The Commission on Cancer, a quality program of the American College of Surgeons, has granted three-year accreditation to the cancer program at WhidbeyHealth Medical Center.
To earn voluntary accreditation, a cancer program must meet 34 Commission on Cancer quality care standards, be evaluated every three years through a survey process and maintain levels of excellence in the delivery of comprehensive patient-centered care, WhidbeyHealth reported.
WhidbeyHealth Cancer Care takes a multidisciplinary approach to treating cancer as a complex group of diseases that requires consultation among surgeons, medical and radiation oncologists, diagnostic radiologists, pathologists and other cancer specialists. This multidisciplinary partnership results in improved patient care, according to hospital officials.
“Our excellent cancer care program, which has been recognized many times during the course of its 40-year history, is invaluable to the cancer patients of Whidbey Island,” WhidbeyHealth CEO Ron Telles said in a press release. “Being able to serve our patients on the island where they live is something that is very important to our community and I commend the oncology and MAC Unit staff for their continued dedication to this quality program.”
The accreditation program provides the framework for WhidbeyHealth Cancer Care to improve its quality of patient care through various cancer-related programs that focus on the full spectrum of cancer care, including prevention, early diagnosis, cancer staging, optimal treatment, rehabilitation, life-long follow-up for recurrent disease and end-of-life care.
When patients receive care at an accredited facility, they also have access to information on clinical trials and new treatments, genetic counseling and patient-centered services, including psycho-social support, a patient navigation process and a survivorship care plan that documents the care each patient receives and seeks to improve cancer survivors’ quality of life.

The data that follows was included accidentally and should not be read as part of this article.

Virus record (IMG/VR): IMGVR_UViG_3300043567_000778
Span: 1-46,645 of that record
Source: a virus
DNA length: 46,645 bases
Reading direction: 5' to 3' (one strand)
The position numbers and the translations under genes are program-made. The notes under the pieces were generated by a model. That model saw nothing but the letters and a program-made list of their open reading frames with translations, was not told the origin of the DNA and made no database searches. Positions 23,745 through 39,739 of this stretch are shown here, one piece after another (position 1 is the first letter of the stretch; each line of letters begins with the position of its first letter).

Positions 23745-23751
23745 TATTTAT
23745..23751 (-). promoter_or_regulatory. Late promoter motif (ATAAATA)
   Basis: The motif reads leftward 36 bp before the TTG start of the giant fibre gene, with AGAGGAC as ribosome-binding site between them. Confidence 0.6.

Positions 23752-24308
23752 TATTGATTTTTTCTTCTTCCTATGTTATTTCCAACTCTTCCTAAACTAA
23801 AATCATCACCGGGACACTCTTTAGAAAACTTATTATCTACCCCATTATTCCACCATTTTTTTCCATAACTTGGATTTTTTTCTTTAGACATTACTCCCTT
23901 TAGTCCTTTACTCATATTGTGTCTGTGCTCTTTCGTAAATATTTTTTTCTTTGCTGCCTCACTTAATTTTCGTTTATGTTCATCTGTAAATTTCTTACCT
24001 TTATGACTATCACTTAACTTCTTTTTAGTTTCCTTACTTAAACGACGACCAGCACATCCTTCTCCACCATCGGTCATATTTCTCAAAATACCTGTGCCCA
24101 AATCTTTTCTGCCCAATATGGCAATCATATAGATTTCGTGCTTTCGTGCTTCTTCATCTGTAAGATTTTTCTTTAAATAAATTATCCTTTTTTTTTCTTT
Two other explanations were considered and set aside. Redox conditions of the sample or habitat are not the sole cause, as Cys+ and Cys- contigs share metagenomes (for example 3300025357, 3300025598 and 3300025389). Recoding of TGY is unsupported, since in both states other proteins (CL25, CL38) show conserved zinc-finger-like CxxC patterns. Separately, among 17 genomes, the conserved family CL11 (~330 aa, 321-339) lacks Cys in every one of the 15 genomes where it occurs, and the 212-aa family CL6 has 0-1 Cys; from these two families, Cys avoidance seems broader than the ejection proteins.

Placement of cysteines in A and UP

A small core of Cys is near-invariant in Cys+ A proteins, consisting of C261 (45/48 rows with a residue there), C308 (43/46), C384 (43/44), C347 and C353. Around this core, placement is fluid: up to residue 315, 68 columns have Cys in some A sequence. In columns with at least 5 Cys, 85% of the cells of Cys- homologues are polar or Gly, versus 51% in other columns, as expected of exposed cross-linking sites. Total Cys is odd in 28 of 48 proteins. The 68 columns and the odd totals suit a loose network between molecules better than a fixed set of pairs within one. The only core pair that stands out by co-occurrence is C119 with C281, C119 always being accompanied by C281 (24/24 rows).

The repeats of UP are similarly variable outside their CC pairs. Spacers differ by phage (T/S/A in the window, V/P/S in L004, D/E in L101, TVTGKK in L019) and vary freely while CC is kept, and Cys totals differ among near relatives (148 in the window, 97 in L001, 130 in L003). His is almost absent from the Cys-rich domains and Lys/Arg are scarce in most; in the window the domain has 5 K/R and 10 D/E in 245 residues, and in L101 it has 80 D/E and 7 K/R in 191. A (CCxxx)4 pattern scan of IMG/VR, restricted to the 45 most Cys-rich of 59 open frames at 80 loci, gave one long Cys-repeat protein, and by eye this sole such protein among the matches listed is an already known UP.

Like all Commission on Cancer accredited facilities, WhidbeyHealth Cancer Care maintains a cancer registry and contributes data to the National Cancer Database, a joint program of the commission and American Cancer Society. This nationwide oncology outcomes database is the largest clinical disease registry in the world. Data on all types of cancer are tracked and analyzed through the database and used to explore trends in cancer care.
Accredited cancer centers, in turn, have access to information derived from this type of data analysis, which is used to create national, regional and state benchmark reports. The reports help Commission on Cancer facilities with their quality improvement efforts.
The American Cancer Society estimates that more than 1.7 million cases of cancer will be diagnosed each year. There are currently more than 1,500 cancer programs accredited by the commission in the U.S. and accredited facilities diagnose and/or treat more than 70 percent of all newly diagnosed patients with cancer.